What is a Pilot in Command or PIC?
112 views | By Hangar.Flights Contributor | Last updated on August 10, 2022
A pilot flies an airplane and may be called a captain, the designation assigned to a certified solo airplane pilot or the most senior pilot on a multi-crew aircraft. The captain sits on the left side seat in the cockpit during flight and typically assumes the pilot in command role regardless of who is actually handling the flight controls.
The pilot in command or PIC role is significant because whoever assumes PIC duties has full legal responsibility for the flight operations, including the aircraft and passenger safety. Sometimes, who gets to be the PIC is not as straightforward as we think because of the exceptions we shall highlight later in the article.
What is a Pilot in Command?
There is no global standard legal definition of PIC because of the varying aviation rules per country. The general definition of a pilot in command is the However, the International Civil Aviation Organization defines a PIC as the pilot responsible for an aircraft’s flight operations and safety during flight time.
The definition of a pilot in command of an aircraft under the U.S. CFR Title 14, Part 1, Section 1.1 is the individual who:
- Has the final authority and responsibility for the operation and safety of the flight;
- Has been designated as pilot in command before or during the flight; and
- Holds the appropriate category, class, and type rating applicable for the conduct of the flight.
The individual is typically designated pilot in command before or during flight time. Flight time or pilot time, according to the FAA, is the period when “an aircraft moves under its own power for the purpose of flight and ends when the aircraft comes to rest after landing.” Flight or pilot time also includes taxiing to and from the runway before take-off and after landing.
Requirements for Pilot In Command
Requirements for the pilot in command vary under Federal Aviation Regulations FAR. Still, all private, commercial, and airline transport pilots are expected to possess a valid medical certificate, including all the current ratings, proficiency, and experience for the particular aircraft type and flight conditions they intend to log PIC time. Sports pilots have an exception that substitutes the FAA medical certificate for a valid driver’s license.
General experience required for a pilot in command of a passenger or multi-crew aircraft under FAR 61.57 includes:
- At least three take-offs and three landings within the preceding 90 days.
- The pilot has acted as the sole manipulator of the flight controls.
- The take-offs and landings must be performed in the same category, class, and aircraft type (for aircraft requiring a type rating), and, on airplanes with a tail wheel, the take-offs and landings must have been made to a full stop in an airplane with a tail wheel.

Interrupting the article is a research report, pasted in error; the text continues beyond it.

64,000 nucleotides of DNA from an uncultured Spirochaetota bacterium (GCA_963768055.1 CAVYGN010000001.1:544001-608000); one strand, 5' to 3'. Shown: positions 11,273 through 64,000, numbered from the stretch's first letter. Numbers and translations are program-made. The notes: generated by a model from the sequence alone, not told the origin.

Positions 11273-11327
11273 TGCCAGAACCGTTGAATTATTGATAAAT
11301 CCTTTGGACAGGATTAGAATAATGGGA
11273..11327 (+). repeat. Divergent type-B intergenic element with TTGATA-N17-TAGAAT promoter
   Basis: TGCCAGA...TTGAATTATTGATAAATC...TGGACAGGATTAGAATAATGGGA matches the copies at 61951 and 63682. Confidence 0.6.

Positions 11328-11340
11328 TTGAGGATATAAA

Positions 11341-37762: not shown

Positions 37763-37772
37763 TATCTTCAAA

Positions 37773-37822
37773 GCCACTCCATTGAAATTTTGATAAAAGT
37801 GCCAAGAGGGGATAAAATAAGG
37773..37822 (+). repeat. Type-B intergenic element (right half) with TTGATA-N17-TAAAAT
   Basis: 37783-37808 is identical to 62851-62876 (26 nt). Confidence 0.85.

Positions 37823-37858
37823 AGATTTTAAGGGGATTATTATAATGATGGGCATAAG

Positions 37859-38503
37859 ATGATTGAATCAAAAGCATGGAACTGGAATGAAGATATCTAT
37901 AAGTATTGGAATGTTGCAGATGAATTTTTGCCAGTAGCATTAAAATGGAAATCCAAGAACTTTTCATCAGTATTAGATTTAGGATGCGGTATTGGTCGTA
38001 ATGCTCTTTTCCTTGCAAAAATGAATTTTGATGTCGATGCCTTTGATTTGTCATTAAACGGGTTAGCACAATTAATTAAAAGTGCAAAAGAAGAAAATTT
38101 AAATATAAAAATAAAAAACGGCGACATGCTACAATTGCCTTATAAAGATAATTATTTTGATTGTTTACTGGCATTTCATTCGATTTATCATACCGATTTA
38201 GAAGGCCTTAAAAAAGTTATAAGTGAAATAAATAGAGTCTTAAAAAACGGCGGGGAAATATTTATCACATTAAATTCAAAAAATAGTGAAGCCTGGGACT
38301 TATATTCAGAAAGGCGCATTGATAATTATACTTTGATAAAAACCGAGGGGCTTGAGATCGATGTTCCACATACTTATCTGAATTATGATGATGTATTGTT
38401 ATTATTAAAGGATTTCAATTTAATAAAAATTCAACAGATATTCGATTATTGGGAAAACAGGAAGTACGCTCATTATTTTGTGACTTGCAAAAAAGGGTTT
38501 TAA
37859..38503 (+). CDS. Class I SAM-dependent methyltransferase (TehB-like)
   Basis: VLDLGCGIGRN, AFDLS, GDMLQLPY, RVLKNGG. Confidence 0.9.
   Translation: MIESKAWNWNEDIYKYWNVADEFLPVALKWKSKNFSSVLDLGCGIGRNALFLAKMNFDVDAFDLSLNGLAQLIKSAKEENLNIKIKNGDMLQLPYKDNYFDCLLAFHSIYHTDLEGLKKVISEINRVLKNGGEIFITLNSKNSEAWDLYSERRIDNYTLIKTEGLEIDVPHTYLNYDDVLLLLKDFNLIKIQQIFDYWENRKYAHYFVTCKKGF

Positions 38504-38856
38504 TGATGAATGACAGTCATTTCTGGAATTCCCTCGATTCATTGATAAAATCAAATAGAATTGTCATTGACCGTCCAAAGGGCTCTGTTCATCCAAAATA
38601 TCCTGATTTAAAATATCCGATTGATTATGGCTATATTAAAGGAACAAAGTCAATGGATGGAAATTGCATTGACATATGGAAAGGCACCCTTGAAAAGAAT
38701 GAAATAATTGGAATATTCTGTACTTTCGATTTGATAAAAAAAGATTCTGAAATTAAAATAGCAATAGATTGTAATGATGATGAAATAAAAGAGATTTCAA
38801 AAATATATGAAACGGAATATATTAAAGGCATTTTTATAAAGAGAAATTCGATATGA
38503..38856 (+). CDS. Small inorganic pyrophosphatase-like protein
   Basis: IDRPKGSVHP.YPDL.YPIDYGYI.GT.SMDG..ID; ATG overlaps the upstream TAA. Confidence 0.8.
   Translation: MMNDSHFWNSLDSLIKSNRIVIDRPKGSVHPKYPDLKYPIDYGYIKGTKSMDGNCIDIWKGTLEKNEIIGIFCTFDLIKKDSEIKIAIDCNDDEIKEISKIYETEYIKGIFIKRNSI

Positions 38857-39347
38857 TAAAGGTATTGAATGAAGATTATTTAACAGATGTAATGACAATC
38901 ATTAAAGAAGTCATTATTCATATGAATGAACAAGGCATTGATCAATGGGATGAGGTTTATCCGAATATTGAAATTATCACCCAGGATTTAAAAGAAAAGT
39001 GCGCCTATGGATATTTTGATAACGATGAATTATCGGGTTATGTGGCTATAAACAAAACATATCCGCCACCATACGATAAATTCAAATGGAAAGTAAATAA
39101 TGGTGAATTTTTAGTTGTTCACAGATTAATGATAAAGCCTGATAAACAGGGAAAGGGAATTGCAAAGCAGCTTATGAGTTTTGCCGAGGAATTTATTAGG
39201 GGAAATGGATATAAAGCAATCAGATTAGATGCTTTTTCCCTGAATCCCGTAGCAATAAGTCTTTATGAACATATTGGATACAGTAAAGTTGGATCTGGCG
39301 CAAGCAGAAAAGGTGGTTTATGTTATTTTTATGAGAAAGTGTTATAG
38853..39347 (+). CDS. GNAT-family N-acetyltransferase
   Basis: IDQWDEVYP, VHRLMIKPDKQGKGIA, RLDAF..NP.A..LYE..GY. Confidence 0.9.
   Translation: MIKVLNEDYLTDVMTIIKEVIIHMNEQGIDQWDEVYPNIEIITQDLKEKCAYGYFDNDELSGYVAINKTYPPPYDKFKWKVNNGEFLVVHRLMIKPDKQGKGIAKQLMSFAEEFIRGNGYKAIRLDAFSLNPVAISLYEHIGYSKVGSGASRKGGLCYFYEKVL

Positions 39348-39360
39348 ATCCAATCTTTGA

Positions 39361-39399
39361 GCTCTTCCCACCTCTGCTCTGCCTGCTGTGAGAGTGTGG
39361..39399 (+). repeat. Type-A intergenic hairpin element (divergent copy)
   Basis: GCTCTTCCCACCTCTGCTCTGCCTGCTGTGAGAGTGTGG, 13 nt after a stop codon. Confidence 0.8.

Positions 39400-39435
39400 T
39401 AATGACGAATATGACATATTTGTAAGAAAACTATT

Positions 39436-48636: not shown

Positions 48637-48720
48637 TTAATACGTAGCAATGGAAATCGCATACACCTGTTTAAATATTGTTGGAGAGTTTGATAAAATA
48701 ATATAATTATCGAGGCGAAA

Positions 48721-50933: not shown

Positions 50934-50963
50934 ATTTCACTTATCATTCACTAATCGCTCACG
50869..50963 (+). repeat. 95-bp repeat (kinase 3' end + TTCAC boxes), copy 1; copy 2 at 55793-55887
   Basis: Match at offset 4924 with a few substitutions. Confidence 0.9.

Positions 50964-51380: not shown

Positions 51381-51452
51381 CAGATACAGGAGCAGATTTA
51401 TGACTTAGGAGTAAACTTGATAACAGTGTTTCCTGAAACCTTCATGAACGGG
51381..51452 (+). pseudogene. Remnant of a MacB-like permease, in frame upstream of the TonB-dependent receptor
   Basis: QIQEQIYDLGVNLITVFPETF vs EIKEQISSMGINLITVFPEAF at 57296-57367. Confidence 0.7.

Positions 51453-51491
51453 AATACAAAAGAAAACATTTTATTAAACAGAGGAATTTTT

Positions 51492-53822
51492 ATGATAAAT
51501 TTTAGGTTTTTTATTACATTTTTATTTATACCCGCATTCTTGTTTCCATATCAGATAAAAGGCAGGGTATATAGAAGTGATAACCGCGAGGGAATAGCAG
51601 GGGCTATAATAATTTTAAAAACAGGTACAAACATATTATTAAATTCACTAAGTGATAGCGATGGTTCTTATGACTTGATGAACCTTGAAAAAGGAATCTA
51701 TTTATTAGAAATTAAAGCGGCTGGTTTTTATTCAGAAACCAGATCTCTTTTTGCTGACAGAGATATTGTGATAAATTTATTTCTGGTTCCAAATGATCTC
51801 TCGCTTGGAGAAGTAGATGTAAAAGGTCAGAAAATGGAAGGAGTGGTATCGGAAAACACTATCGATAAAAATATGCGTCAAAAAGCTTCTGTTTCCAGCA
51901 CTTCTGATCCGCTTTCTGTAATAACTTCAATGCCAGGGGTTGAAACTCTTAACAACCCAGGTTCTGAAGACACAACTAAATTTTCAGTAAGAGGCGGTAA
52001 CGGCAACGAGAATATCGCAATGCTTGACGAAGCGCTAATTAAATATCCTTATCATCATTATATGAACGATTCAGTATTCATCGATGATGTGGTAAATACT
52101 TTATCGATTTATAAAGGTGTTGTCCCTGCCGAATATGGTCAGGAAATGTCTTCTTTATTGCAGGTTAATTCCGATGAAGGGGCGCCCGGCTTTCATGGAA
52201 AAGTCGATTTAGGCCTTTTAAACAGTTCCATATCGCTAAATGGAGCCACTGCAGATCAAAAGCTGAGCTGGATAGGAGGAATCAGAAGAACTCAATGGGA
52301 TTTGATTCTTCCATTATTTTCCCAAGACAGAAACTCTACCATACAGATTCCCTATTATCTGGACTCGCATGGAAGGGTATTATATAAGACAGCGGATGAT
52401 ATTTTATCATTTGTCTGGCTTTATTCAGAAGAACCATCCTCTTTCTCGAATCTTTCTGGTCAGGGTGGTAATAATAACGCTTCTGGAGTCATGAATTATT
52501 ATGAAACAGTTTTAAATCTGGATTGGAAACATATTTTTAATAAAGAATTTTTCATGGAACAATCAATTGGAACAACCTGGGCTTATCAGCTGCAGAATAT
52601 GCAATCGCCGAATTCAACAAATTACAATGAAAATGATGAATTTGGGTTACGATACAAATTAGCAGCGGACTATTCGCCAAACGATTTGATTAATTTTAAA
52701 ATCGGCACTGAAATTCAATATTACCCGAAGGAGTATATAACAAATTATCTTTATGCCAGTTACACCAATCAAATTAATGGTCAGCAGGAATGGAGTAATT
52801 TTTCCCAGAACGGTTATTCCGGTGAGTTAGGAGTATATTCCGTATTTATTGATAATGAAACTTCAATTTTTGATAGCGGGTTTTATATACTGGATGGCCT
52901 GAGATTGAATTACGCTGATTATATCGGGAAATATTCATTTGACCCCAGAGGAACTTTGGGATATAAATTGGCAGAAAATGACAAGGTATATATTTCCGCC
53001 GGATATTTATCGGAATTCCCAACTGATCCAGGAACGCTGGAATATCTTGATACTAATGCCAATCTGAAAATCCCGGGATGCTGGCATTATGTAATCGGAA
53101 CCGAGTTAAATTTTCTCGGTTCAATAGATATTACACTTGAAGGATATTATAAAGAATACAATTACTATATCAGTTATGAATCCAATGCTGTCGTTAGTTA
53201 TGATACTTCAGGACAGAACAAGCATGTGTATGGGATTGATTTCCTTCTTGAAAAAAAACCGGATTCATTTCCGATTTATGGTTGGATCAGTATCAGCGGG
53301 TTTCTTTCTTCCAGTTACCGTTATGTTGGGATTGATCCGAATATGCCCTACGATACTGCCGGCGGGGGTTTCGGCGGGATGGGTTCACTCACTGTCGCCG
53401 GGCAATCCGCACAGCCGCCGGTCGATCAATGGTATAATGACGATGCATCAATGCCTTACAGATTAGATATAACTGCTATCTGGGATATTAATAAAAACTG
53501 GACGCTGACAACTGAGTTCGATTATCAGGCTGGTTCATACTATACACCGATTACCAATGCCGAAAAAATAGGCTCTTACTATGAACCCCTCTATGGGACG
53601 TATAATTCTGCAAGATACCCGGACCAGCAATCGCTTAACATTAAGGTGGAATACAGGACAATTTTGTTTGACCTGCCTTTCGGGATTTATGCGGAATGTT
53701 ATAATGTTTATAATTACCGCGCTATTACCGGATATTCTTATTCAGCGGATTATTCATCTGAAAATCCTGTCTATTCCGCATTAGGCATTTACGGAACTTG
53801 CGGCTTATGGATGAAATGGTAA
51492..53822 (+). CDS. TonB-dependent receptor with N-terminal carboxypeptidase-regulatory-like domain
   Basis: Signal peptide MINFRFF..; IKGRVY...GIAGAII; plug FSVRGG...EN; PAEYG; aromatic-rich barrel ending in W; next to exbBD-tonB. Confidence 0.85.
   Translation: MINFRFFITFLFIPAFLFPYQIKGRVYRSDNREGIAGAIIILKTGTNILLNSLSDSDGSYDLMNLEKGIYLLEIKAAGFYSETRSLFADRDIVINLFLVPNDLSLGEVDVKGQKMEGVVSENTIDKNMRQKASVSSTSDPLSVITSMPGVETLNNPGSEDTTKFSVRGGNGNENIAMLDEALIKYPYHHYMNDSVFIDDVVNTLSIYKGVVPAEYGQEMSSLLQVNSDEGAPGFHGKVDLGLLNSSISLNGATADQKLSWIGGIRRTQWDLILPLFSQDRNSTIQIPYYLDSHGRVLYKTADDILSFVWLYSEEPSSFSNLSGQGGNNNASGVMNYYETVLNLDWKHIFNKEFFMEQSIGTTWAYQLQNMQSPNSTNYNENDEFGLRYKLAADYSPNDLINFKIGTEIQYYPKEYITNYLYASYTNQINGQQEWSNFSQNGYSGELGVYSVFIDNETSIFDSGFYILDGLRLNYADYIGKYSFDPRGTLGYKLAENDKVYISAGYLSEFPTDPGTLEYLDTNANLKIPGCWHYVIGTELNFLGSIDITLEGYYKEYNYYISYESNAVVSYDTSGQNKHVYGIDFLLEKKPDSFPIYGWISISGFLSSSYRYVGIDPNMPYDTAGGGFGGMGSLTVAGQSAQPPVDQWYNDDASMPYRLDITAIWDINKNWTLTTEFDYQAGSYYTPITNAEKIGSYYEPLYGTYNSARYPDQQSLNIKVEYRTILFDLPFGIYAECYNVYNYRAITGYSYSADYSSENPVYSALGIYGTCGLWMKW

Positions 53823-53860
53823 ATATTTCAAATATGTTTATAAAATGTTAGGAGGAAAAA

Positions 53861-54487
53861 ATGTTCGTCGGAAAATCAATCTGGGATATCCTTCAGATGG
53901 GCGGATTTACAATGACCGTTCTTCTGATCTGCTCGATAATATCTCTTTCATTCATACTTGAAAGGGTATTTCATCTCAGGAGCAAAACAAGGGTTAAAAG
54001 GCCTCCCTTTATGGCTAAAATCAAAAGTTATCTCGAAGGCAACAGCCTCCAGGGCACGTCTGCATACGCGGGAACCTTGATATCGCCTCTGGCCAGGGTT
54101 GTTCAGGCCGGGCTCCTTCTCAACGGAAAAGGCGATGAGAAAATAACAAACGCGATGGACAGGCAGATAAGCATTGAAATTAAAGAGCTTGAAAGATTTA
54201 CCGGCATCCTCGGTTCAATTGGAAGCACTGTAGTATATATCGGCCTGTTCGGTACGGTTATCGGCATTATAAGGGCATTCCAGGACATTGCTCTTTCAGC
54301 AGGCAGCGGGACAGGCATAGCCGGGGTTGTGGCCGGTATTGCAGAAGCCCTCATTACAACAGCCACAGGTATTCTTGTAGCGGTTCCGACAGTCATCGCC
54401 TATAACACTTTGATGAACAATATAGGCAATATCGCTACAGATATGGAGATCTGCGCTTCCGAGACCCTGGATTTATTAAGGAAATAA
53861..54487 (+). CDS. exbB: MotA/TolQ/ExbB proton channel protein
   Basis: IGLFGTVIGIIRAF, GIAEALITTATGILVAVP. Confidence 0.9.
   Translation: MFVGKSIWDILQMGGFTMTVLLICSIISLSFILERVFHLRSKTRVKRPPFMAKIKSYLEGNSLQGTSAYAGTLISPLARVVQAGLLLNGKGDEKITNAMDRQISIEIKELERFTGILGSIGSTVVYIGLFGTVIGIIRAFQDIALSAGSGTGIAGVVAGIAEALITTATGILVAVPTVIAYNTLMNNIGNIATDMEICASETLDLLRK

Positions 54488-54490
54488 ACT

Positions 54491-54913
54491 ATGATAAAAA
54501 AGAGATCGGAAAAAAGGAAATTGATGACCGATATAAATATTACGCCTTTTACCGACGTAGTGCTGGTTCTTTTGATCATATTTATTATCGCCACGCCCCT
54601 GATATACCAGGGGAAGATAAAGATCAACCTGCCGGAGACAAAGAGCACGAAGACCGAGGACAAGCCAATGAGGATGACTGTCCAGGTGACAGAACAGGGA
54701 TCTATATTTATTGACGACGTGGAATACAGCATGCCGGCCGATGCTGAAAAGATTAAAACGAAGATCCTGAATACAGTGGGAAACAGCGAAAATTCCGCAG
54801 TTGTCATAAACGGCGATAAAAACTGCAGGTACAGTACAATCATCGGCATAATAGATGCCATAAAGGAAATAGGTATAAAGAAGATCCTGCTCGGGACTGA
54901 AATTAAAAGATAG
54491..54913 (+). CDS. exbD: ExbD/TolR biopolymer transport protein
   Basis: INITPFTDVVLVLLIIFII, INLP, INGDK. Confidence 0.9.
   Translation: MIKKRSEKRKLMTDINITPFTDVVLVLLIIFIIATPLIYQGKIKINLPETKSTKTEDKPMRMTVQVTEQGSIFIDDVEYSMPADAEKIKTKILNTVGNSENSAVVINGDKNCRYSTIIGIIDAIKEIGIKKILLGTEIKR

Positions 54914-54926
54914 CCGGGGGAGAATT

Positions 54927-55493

Additionally, the requirements for becoming a pilot in command for an aircraft on any given flight depend on what parts of the FAR the pilot is flying under.
Requirements for Part 91 pilots
Part 91 of the FAR, which deals with general aviation operations, allows all licensed pilots to serve as the PIC, including controlling flight operations of an aircraft that requires more than one pilot flight crew member or is turbojet-powered.
Additionally, pilots are required to have fulfilled the following requirements:
- Must have within the previous 12 calendar months completed a pilot in command proficiency check in a type of aircraft certified for more than one required pilot flight crew member or is turbojet-powered.
- Within the preceding 24 calendar months, complete a pilot in command proficiency check in a similar aircraft that the person will serve as a pilot in command, that is type certified for more than one required pilot flight crewmember or is turbojet-powered.
Requirements for Part 121 pilots
Pilots operating under FAR 121 operations must have the following requirements before they can act as pilots in command of a flag or supplemental aircraft flight operations requiring three or more pilots:
- Hold an airline transport pilot certificate.
- Hold the relevant aircraft type rating for the aircraft being flown.
- Must have 1,000 hours as second in command in part 121 operations.
Requirements for Part 135 pilots.
The requirements for serving as a pilot in command for Part 135 operations are in two categories;
- Part 135 Visual Flight Rules VFRrequires pilots to have logged at least 500 hours of flight time, plus a minimum of 100 cross-country flight hours, including 25 night flight hours.
- Instrument Flight Rules IFR for Part 135 pilots require 1,200 hours of flight time, including 500 cross-country flight hours, including 50-75 night flight hours.
Responsibilities of a Pilot In Command
We have stated earlier in the article that the pilot in command of an aircraft bears the full legal responsibility for flight operations, including passenger and aircraft safety.